Homes in the sky on the rise in Australia
[ The University of Melbourne Voice Vol. 1, No. 13
3 - 17 September 2007 ]
By Dr Kate Shaw
Homes in the Sky, Apartment Living in Australia claims to be ‘the first history of apartment buildings in Australia’, though its authors confess it is not comprehensive, and draw on many histories of Australian apartment buildings. But the book is no less impressive for that. It is indeed very well-referenced and up-to-date, the photographs are beautiful, and the story it tells is complex and interesting.
The book, by Caroline Butler-Bowdon and Charles Pickett, with photography by Max Dupain and Eric Sierins, is published by the Miegunyah Press with the Historic Houses Trust of NSW, 2007.
The theme of the book is clear from the start: “Today more flats than houses are being built in Melbourne, Sydney and Brisbane. A third of Sydney households live in medium and high density housing, and apartments form significant minorities of Melbourne’s and Brisbane’s dwellings.”
While flats for most of the 20th century have been a popular alternative to suburban cottages, they have been demonised for just as long. The counter-tone is established by Robin Boyd: “Australia is the small house … The suburban way of life and the aspiration to own and occupy a detached house have long been Australian characteristics.”
The authors paint an amusing history of the moral panics surrounding the building of flats: in the early 1900s they were a ‘national danger’, tending to destroy family life and ‘not conducive to morality’. Government responses to the 1930s housing shortage encouraged home-ownership in the suburbs, contributing of course to disinvestment in the inner-cities and to concentrations of renters, which led to the branding of these areas as ‘slums’.
A dilemma is exposed: the social problems of the slums that so exercised reformers and became the basis for the 1950s reclamation schemes were the very same problems associated with flat living. The argument became dire before its resolution with the slums of the past being replaced by the ‘slums of the future’.
There is an entire section on housing for workers and it is sobering to reflect on how much care and attention was paid to public housing in the early part of last century. Indeed Strickland flats in Sydney, the first large public housing apartment building in Australia, completed in 1914, are delightful. But the counter-narrative continues: whether for their impact on the occupants or, later, their middle-class neighbours, flats for low-income workers continued to inflame ‘political and social anxieties’.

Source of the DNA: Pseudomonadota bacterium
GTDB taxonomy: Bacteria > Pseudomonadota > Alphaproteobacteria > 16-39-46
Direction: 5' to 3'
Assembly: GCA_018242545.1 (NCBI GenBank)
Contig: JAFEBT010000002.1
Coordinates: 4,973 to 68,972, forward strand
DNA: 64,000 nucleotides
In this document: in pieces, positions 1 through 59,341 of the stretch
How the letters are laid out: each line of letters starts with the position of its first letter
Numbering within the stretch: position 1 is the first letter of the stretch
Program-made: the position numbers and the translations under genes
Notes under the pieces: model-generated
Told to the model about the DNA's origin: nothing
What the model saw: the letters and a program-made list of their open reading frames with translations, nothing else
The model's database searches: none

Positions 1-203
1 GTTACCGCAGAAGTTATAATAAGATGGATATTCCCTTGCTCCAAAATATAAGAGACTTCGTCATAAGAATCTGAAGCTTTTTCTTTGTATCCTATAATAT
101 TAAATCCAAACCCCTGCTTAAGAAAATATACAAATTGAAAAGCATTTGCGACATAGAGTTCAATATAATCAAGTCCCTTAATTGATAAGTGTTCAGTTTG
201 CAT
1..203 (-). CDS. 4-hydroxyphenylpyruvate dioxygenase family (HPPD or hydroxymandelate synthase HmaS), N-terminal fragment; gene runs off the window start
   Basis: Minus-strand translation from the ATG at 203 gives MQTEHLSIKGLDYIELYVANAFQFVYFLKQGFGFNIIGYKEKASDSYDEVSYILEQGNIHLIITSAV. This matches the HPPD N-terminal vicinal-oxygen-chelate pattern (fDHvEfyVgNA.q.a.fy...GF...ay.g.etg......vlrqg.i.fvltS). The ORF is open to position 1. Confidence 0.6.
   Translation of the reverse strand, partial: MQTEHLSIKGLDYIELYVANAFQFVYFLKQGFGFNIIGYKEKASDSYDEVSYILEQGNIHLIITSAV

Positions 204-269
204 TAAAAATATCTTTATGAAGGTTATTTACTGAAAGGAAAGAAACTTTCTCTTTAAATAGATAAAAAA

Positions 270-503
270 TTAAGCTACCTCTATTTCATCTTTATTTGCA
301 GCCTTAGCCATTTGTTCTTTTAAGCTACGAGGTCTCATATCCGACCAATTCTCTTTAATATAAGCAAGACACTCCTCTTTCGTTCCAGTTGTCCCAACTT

If flats for the poor were the worst, flats for the wealthy – which comprised the majority of purpose-built blocks before the 1950s – were viewed with suspicion. They lacked the virtues of privacy and space for unconfined procreation, and encouraged fast and bohemian behaviours.
Even early gentrification passed flats by, associated as it was in the 1970s and ’80s with the renovation of terraces and cottages. The book argues indeed that gentrifiers are still some of the most vociferous critics of apartment blocks, as it swings into the 21st century with the resident campaign in Fitzroy against the ‘cheese grater’, the Save Our Suburbs movement, and the battle in St Kilda over the 38-storey tower block next to the Esplanade Hotel.
The authors resist over-simplifying the nature of the opposition – pointing out, to their credit, that the Esplanade Alliance was more concerned with the fate of the music venue than the fact of the apartment block – and allow that the nature of the debates has changed. These now question less the ‘consequences of apartments’ and more ‘their location, quantity, type and quality’, especially in the context of urban consolidation and a growing crisis of housing affordability.
Throughout the book are lavish photographs and illustrations of some of the most lovely architecture in Australia, medium and high-density apartment buildings all. That the publishers have managed to keep the price of the book relatively low is a triumph – $59.95 for a 28cm square hardback. The accessibility and content combined will pose a challenge to the most ardent devotee of the quarter-acre block.
Dr Kate Shaw is a postdoctoral research fellow in the Faculty of Architecture, Building and Planning.